The year’s first Brandwein Field Trip, Search for Eagles took place in the Delaware Valley Sunday, Dec. 13 from 8 a.m. to 3:30 p.m. The temperature at the start was 36 degrees and at the finish 50 degrees. It was foggy with low visibility at the start until the fog lifted at 10 am. It was a pleasant partly sunny day that began with watching feeder birds, including hairy and downy woodpeckers, dark-eyed junco, blue jays, and pileated woodpeckers, among others. Four participants, wearing face coverings and social distancing, logged 150 miles in the Delaware Water Gap National Recreation Area and Upper Delaware Scenic River from the Pocono Environmental Education Center (PEEC) to the Bushkill Access and the trip’s conclusion at the headwaters of the Lackawaxen River.
Jack Padalino, president emeritus of the Brandwein Institute and PEEC a partner with the National Park Service, led the search that included seeing 34 species of birds: 11 bald eagles, 4 red-tailed hawks, 1 peregrine falcon, and 3 common ravens.
Fog initially prevented us from seeing distant perching birds. We did manage to see a flock of Cedar Waxwings and a red-tailed hawk before 10 a.m. after the fog lifted. We drew blanks at the usual bald eagle sites: Bushkill Access, Tom’s Creek, Eshbacks, Dingmans Access, Dingmans Cemetery, the nests at mile makers 16 and 17, Milford Beach and River Road.
We checked the bald eagle nest near the Pierce House — no bald eagle present.
North of Cummings Road a common raven was soaring above the ridge. This location is near where in past there was an active bald eagle nest opposite the Kittatinny Campground above the westbound lane along Interstate 80. The nest is no longer there; however, bald eagles still frequent the area.
We continued past the Best Western, no eagles; however, a red-tailed hawk was perched aside the westbound lane of I-84. At the River View Restaurant near where Pennsylvania, New Jersey, and New York converge, mallards and Canada geese but no bald eagles.
The Laurel Grove Cemetery overlook above the tri-state monument is where we checked an active bald eagle nest. No bald eagles present.
The Eddy Farm Resort overlook was quiet; no new species added.
By noon we were at the Hawks Nest historical marker. Checked the whitewash on the cliff, one peregrine falcon was soaring above the ridge and another perched on a ledge. We were able to enjoy the perched peregrine through a spotting scope.
From the Indian Head Canoe livery station we spotted our first bald eagle perched in a white pine. We added a juvenile bald eagle soaring high above the ridge at Pond Eddy. We continued to the Mongaup Falls Observation Blind. Two common mergansers were on the water and as we departed a we heard a bald eagle calling. An adult bald eagle was perched near the nest high on the ridge along Plank Road. No bald eagles at the Rio Reservoir Dam.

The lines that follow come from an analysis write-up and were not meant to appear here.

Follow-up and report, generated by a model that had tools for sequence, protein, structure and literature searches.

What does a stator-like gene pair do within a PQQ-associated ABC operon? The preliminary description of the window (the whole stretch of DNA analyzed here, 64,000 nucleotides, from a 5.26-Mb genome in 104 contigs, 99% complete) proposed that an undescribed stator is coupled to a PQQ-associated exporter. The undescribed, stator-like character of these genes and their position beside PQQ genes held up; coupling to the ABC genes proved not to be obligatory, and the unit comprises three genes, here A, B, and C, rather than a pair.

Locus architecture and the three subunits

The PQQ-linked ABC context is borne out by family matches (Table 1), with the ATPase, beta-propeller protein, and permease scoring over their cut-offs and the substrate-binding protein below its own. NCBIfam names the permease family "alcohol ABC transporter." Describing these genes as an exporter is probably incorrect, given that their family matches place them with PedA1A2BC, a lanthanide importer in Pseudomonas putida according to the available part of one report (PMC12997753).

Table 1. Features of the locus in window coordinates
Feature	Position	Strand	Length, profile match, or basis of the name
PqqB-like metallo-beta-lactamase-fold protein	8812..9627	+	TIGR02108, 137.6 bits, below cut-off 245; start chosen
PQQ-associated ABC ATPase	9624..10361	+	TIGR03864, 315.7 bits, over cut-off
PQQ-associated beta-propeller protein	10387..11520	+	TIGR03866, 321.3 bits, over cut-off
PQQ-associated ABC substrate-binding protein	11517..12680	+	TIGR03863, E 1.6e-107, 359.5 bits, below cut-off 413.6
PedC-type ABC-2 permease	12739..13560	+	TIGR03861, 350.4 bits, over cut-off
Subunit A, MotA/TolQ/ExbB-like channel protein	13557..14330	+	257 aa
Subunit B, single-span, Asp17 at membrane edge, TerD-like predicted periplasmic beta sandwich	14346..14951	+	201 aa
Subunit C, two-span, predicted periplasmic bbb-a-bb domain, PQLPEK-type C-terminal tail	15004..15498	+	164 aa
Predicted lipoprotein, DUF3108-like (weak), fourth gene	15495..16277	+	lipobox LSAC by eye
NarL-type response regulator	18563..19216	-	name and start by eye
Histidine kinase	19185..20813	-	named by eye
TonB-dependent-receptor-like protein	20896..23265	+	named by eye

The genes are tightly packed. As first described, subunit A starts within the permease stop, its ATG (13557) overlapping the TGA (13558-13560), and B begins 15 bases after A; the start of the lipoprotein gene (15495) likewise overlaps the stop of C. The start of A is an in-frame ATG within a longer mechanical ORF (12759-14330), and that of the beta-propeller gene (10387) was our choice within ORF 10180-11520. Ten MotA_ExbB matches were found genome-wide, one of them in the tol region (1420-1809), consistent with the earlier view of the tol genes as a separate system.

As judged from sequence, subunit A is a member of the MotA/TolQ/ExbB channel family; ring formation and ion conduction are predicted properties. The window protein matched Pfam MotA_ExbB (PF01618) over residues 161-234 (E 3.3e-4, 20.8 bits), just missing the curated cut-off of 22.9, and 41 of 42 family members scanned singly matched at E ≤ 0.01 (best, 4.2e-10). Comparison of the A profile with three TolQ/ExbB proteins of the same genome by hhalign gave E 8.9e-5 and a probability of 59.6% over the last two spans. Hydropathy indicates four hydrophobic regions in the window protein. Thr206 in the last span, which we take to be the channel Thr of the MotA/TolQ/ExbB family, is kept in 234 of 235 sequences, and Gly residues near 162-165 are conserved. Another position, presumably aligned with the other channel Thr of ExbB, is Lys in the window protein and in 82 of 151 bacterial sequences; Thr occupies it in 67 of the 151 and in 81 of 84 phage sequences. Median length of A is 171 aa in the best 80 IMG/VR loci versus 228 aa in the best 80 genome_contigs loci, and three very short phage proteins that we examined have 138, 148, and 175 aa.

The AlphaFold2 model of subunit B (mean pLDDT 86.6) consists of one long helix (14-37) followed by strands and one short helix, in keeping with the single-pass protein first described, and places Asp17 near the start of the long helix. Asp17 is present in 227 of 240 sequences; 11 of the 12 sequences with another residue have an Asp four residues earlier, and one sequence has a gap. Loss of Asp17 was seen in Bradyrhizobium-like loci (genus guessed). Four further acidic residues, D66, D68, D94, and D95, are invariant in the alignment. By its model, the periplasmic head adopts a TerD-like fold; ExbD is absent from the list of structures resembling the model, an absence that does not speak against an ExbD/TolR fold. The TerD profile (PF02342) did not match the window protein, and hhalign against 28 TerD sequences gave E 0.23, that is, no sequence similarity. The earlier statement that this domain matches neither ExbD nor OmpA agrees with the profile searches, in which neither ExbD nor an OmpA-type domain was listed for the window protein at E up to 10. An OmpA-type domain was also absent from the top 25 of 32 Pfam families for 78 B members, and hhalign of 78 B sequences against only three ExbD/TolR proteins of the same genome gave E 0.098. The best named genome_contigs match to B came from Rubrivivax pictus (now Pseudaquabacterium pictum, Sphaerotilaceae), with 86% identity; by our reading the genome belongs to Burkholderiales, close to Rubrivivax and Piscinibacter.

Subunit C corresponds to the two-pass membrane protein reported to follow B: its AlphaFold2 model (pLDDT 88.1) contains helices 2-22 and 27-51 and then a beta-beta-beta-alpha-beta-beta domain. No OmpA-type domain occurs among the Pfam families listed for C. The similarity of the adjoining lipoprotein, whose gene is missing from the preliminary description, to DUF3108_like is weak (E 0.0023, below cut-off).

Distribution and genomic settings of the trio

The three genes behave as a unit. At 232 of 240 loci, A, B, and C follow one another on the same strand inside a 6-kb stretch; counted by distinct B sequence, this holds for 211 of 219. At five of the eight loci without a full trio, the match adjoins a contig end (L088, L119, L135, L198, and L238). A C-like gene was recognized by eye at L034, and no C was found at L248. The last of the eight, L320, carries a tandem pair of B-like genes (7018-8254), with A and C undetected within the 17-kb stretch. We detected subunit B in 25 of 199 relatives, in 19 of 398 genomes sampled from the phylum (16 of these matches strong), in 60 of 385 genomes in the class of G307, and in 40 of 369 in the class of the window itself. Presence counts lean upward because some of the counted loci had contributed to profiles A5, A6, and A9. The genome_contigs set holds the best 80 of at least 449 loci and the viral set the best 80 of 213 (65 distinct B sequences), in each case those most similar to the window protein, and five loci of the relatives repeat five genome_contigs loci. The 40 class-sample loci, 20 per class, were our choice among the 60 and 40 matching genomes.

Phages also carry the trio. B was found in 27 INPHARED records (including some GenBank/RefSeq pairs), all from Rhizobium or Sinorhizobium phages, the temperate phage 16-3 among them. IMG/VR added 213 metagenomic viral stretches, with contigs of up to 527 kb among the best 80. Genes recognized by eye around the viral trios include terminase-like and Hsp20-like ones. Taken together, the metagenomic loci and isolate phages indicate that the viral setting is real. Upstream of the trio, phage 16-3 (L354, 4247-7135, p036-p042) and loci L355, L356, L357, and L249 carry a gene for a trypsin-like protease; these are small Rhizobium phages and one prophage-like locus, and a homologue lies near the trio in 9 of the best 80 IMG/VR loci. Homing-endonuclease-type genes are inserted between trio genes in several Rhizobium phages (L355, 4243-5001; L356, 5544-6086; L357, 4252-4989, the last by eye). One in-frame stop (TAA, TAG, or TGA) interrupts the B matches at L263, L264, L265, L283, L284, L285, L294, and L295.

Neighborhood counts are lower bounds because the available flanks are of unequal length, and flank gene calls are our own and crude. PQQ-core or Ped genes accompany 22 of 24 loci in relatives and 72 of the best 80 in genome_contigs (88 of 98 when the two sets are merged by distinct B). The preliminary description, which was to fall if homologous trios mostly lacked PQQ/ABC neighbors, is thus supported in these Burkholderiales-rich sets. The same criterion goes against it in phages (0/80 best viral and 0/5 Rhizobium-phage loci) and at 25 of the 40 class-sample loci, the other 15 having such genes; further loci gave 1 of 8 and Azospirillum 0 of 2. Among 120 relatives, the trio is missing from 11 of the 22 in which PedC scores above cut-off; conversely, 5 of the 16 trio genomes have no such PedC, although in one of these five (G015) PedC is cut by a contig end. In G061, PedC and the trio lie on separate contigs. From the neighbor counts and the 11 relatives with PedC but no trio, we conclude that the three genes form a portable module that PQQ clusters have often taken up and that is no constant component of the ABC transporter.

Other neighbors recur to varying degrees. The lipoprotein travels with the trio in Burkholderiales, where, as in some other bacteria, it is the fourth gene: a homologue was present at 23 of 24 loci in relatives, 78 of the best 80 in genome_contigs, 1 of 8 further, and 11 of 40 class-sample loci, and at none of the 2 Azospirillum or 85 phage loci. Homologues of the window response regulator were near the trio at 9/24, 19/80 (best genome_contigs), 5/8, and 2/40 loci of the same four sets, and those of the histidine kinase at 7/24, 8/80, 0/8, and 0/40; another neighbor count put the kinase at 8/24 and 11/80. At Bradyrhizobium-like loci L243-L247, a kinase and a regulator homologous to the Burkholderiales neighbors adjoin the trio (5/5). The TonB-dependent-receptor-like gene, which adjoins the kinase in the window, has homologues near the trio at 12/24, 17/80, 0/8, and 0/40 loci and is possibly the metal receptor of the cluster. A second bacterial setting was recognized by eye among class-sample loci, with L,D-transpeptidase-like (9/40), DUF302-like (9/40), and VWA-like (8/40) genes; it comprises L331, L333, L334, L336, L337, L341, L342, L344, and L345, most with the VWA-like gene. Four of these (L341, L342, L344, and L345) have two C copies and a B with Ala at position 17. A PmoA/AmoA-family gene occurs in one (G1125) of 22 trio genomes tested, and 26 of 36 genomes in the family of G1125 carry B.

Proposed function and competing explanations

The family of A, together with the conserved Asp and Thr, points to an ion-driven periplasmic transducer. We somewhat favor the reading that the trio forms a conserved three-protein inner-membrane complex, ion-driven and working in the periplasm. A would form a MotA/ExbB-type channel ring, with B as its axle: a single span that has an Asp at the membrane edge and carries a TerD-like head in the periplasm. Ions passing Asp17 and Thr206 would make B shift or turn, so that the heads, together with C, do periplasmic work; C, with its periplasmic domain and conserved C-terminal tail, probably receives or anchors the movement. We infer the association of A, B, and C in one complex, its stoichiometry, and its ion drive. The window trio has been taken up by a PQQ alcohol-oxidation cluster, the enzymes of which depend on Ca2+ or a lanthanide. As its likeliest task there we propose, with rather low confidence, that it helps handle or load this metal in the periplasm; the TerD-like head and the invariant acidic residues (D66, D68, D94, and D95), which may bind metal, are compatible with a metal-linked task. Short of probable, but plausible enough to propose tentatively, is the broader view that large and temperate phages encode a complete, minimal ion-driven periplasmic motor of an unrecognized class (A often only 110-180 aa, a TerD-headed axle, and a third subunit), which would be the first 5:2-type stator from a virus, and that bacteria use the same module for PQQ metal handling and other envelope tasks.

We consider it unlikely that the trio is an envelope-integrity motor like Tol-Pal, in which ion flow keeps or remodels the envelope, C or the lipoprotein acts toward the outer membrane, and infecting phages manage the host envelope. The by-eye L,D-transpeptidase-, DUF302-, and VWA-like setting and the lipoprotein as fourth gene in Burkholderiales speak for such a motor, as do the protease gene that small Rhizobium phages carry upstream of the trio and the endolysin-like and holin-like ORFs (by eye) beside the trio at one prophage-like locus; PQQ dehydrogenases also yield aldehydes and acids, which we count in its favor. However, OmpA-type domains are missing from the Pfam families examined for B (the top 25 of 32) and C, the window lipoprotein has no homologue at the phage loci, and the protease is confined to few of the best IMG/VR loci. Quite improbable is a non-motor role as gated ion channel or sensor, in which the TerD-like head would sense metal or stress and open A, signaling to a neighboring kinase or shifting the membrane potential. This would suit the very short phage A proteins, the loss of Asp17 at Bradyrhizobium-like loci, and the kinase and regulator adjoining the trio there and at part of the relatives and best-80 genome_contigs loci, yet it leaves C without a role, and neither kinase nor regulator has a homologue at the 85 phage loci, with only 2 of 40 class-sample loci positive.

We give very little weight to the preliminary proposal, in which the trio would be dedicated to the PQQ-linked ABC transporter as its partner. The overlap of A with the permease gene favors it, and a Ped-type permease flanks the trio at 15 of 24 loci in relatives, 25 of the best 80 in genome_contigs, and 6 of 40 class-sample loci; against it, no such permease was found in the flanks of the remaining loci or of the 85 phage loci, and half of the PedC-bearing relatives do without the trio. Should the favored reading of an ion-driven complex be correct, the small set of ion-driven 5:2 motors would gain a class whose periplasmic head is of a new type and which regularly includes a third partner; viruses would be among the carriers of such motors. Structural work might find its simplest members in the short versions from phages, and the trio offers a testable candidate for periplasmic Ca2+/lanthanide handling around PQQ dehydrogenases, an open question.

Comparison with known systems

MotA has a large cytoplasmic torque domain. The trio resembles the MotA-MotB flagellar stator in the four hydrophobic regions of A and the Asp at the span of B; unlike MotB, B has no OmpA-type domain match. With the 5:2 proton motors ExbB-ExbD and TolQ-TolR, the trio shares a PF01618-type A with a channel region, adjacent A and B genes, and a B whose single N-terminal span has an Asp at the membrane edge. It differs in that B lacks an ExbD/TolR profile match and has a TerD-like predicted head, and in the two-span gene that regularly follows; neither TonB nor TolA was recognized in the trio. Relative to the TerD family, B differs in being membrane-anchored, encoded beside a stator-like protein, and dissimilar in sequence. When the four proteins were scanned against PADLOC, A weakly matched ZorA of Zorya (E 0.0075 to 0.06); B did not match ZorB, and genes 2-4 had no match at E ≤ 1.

We returned to the Delaware and traveled upriver to the Lackawaxen. We saw four bald eagles flying above the confluence of the Lackawaxen and the Delaware.
We added four more perched bald eagles along the Lackawaxen. We are monitoring two bald eagle nests along the river now that we discovered a second nest today. Our last bald eagle was a juvenile bird perched high on the ridge in the tree that a number of years ago I saw 11 bald eagles roosting.
We concluded our field trip at 3:30 p.m.
Future Search for Eagles will be held on the following dates: Jan. 3 and 10; Feb. 7 and 14; and March 7 and 14.
Weather permitting, meet at 8 a.m. at the PEEC parking lot (538 Emery Road, Dingmans Ferry, Pa.), or at 10 a.m. at the north entrance to the Delaware Water Gap National Recreation Area entrance, Route 209 south mile marker 20, Milford, Pa. The search will conclude along the Lackawaxen River at approximately 4 p.m.
Dress warmly, and bring binoculars, field guides, and a lunch. Face coverings and social distancing are required.
To participate, email firstname.lastname@example.org or call 845-325-0536, and indicate which field trips you will be attending. There is no charge.
The eagle observation data collected on the searches will be shared with the National Park Service, the Sussex County Bird Club, the Eagle Institute, Hawk Mountain Sanctuary, and the Hawk Migration Association of North America.
An eagle identification field guide, and Search for Eagles activities publication will be provided by the Brandwein Institute.